Hi. I just wanted to say thanks to you and the other participants who provided input on the FHA predicament my husband and I were in. We went ahead and changed our financing, managing a modest down payment, while getting a home that won't leave us house poor. We had an offer accepted on a lovely home this week and will close in May. I still think FHA is a great program for lots of people, and honestly believe there is an educational gap on what it really means for the home buying process. I am very grateful to the commenters who were honest enough to explain why FHA offers were of concern for them. Without that input my husband and I would still be searching for answers. Thank you!

You're welcome, on behalf of all of us chatters! And congratulations, too.

Hello, I am saving money now to because I'd like to buy rather than rent after moving from my parents house. I just visited Clarendon and would love a townhouse over there. Are there any neighborhoods near there that have townhomes, possibly under 300K? I don't know where to start. Thanks!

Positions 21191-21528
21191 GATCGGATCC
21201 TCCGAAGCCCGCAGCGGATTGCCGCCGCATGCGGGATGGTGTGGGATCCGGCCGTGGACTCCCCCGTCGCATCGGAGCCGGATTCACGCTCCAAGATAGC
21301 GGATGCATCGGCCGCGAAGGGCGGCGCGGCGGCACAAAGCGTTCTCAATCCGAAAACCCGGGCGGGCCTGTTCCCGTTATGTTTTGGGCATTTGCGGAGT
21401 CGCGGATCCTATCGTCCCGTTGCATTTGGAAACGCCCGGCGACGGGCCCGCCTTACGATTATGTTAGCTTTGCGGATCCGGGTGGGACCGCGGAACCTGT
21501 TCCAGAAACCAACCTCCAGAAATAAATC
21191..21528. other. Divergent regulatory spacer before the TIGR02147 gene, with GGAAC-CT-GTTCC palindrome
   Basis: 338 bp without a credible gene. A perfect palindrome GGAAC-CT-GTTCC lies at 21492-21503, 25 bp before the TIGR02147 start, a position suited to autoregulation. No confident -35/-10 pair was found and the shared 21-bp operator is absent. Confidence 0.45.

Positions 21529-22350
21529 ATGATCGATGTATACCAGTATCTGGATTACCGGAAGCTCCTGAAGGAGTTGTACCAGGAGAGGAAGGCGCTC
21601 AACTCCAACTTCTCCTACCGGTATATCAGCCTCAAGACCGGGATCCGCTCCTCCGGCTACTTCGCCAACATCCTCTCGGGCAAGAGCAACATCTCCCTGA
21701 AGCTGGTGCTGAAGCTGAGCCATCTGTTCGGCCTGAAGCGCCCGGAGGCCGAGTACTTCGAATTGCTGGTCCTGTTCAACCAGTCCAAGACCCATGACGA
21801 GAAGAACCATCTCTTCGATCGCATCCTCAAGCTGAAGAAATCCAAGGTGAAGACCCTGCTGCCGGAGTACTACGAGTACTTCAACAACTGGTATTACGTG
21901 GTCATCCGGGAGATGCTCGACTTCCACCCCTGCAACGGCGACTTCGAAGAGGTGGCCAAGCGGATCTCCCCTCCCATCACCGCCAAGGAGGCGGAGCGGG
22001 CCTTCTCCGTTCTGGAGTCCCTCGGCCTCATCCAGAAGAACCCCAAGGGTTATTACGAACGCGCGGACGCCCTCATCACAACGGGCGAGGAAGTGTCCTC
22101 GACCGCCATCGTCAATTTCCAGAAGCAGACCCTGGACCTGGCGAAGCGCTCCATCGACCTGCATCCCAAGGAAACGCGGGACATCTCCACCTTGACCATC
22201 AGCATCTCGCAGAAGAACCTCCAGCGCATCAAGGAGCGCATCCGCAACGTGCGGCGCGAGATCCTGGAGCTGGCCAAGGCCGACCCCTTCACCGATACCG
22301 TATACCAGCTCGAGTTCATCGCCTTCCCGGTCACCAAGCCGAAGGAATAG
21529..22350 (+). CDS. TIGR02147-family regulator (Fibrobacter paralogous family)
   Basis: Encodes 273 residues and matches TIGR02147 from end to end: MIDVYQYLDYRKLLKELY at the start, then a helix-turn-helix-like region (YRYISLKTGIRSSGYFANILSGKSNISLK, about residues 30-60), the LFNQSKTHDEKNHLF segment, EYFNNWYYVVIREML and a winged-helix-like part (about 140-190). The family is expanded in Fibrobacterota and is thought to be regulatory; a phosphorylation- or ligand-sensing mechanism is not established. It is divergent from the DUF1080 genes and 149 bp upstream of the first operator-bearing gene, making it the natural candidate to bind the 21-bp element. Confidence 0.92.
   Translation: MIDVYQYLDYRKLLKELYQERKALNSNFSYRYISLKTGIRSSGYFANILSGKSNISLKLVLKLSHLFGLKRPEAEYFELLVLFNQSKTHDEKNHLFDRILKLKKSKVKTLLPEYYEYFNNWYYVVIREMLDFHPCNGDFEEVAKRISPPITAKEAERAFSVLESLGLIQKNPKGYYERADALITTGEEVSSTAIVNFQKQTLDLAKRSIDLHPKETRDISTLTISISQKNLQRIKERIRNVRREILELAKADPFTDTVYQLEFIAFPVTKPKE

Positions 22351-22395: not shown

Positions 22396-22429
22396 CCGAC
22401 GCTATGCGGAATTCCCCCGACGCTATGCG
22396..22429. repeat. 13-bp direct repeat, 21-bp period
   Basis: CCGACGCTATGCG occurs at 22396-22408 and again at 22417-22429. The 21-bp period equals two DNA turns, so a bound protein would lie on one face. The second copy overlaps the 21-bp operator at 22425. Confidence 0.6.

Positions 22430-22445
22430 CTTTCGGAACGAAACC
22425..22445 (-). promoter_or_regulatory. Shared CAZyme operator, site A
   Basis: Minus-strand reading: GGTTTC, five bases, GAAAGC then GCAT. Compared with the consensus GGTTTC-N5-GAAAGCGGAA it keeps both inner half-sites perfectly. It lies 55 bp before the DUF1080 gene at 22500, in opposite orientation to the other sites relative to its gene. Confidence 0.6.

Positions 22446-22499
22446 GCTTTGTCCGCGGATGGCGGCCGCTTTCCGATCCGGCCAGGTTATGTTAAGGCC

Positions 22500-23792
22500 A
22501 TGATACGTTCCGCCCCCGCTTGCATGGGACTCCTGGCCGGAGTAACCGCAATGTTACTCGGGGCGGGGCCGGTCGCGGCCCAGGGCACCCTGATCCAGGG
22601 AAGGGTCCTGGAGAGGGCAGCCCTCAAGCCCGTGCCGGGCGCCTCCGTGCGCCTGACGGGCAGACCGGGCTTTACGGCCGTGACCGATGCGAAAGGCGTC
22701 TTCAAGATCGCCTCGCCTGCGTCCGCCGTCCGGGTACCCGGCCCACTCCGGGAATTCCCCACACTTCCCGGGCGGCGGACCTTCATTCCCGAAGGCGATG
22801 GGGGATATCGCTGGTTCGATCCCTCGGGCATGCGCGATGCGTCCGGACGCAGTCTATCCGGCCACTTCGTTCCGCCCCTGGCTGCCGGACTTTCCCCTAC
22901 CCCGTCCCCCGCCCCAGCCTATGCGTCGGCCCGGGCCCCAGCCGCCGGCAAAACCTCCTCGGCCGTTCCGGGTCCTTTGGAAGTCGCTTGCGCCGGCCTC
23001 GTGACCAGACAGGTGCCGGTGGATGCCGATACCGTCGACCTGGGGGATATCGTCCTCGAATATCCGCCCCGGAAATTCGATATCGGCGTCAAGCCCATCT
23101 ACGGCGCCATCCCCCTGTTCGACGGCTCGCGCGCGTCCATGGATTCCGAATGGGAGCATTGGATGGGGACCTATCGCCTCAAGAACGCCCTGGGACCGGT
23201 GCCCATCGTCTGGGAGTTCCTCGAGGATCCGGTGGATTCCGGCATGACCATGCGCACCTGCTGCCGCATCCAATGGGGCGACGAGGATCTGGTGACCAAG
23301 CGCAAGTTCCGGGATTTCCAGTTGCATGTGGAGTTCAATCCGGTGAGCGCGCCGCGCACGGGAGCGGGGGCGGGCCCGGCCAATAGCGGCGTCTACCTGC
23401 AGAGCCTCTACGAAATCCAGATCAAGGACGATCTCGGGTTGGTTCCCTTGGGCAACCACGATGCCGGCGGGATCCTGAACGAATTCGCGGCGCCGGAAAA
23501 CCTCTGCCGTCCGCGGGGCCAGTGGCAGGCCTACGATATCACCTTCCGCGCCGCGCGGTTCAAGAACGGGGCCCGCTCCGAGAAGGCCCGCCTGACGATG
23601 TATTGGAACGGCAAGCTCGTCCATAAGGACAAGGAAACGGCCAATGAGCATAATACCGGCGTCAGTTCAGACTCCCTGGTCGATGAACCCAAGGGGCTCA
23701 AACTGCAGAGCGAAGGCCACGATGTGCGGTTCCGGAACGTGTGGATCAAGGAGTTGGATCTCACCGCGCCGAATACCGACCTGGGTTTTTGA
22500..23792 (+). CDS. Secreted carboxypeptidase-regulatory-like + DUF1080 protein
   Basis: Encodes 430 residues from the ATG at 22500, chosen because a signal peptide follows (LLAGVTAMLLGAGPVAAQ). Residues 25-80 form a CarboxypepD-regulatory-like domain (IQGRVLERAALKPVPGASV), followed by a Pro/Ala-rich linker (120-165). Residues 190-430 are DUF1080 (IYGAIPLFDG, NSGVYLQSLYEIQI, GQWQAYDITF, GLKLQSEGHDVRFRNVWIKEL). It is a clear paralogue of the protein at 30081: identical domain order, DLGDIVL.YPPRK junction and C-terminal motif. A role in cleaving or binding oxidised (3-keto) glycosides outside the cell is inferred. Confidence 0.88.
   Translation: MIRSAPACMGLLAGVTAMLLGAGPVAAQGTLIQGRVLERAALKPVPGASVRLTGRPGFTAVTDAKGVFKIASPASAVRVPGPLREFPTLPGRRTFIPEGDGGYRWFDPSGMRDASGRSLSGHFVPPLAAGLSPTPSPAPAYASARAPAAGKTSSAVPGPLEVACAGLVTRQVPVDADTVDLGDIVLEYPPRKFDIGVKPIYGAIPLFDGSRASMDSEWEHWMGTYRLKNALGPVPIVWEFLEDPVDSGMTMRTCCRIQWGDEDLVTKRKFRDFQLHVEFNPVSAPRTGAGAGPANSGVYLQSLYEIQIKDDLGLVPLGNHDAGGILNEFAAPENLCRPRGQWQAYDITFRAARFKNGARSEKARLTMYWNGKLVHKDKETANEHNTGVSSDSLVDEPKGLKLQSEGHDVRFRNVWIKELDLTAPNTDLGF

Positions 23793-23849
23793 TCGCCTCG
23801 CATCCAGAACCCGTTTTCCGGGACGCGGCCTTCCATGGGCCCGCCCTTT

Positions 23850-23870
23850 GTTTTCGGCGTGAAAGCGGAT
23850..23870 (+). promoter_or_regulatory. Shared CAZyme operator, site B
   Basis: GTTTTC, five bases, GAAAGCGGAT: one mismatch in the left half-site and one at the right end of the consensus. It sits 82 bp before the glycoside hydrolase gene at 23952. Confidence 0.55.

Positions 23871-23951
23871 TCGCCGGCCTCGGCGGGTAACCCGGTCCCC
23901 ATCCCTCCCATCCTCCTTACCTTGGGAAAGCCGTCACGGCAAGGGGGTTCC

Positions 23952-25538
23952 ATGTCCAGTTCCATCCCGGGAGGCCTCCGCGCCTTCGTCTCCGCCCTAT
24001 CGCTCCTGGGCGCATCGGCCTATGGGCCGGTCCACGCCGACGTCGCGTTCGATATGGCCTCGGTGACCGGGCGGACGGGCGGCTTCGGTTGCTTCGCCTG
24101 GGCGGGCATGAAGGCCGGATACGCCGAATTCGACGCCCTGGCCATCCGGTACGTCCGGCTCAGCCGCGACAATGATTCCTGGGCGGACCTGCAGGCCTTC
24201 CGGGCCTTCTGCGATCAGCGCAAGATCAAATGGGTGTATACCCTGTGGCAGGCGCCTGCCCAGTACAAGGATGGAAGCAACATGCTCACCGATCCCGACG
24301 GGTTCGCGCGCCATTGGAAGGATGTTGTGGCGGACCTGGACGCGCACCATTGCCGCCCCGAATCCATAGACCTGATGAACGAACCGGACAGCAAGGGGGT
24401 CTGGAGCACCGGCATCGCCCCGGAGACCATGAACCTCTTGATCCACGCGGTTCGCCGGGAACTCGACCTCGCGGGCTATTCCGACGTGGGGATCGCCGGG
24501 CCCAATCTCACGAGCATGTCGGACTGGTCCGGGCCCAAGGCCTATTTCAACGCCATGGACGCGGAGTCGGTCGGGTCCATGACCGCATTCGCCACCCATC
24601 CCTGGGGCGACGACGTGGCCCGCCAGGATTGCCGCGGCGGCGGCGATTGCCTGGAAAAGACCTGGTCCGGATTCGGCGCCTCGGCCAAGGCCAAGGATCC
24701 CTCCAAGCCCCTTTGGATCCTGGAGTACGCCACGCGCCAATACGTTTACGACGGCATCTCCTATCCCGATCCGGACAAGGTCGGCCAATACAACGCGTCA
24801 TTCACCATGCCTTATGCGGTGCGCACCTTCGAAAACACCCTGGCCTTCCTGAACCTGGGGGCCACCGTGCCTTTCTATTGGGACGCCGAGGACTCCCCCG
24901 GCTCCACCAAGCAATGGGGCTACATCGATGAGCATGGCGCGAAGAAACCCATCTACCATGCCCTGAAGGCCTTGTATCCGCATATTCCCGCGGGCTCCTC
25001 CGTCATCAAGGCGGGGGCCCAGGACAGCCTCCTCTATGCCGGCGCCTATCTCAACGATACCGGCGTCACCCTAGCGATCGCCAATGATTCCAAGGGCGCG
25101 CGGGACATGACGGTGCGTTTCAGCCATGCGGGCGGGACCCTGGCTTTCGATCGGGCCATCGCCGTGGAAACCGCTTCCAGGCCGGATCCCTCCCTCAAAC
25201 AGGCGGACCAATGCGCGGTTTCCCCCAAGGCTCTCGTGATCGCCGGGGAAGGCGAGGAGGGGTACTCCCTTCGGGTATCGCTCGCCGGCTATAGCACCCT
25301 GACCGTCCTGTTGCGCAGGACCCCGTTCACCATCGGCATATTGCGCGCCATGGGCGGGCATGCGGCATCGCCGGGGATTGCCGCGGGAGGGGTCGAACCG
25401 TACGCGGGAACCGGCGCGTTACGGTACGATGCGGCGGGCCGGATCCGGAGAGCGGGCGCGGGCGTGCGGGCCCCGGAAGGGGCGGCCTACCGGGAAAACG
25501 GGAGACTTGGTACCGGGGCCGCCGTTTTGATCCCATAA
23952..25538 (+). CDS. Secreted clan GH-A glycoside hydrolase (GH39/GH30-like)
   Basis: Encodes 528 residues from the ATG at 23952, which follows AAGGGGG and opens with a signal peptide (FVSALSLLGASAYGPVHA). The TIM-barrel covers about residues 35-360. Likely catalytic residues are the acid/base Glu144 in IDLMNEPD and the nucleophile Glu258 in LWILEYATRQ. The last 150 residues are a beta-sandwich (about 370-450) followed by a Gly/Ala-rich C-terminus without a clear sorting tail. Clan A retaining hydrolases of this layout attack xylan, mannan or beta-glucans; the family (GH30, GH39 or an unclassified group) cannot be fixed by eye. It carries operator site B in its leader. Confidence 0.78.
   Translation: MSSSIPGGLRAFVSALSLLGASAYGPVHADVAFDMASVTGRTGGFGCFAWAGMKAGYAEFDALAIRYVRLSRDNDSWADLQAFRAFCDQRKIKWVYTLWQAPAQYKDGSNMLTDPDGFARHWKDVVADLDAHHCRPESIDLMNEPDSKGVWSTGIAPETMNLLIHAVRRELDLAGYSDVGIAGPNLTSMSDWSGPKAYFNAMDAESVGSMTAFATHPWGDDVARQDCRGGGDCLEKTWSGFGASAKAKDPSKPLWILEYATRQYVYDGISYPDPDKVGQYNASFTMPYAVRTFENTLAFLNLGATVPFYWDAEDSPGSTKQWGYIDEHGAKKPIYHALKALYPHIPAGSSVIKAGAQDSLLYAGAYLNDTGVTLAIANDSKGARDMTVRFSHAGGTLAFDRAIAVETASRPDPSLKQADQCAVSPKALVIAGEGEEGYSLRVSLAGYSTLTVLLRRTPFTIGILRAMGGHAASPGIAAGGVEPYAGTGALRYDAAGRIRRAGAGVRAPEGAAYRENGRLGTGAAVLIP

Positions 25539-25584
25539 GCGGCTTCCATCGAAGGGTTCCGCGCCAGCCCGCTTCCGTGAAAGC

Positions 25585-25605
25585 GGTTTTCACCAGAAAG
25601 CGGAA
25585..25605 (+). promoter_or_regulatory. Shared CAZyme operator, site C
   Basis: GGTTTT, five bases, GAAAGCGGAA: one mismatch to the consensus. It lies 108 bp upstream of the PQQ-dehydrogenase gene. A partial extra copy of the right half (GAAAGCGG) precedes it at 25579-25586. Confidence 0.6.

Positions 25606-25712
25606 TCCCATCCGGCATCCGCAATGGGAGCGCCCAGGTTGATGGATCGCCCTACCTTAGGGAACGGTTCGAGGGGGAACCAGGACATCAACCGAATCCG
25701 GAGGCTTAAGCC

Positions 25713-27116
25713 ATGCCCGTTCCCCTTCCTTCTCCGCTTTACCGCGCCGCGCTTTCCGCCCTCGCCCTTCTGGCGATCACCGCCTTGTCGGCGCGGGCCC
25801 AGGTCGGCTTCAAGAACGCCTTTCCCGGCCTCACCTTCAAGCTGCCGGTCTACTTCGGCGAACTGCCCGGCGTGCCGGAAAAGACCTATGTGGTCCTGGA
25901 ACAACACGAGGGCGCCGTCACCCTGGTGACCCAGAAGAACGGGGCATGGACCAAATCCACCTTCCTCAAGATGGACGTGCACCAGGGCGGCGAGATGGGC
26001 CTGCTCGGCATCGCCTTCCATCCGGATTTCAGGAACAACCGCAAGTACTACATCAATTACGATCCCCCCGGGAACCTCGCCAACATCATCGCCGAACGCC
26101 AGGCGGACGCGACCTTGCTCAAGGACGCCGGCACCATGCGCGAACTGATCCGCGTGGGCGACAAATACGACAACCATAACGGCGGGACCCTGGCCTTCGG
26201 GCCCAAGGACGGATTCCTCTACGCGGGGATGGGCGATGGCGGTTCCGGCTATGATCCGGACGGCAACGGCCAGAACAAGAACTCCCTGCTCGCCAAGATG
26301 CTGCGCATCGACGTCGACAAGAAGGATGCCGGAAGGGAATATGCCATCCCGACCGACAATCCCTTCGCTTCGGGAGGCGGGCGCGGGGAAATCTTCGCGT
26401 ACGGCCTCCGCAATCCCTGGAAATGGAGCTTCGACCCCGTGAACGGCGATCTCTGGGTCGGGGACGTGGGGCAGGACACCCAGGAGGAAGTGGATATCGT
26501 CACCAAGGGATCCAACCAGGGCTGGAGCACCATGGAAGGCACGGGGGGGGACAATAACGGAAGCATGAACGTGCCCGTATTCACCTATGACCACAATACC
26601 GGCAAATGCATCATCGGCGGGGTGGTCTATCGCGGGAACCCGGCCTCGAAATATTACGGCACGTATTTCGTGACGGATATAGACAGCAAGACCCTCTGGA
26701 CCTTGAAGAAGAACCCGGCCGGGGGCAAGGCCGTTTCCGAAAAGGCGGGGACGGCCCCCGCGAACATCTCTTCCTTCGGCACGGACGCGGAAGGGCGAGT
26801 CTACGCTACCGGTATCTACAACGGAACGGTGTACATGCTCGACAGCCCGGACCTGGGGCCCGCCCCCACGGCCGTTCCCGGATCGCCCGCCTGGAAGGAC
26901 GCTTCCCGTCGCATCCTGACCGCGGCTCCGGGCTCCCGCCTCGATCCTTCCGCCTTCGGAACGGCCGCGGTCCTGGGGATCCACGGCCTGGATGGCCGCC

Most of the good real estate web sites allow you to fly over neighborhoods and see listings--with prices--pop up on a map. Try,,,, for a start, and see which sites you like. Townhomes under $300k in that area, though, could be a tough search. Good luck.

Hello. What are your thoughts on buying a new home before selling your old one? Our condo building has had some issues related to Fannie Mae guidelines that we are very close to having resolved, but have prevented anyone from selling in over a year. It is a one-bedroom suited for a first time buyer, and I am looking to upgrade to a house. I have found a house that I love, but obviously have no idea when I might be able to sell my condo (and I would not be able to rest). Do you think it's a huge mistake to buy before I've sold my current place?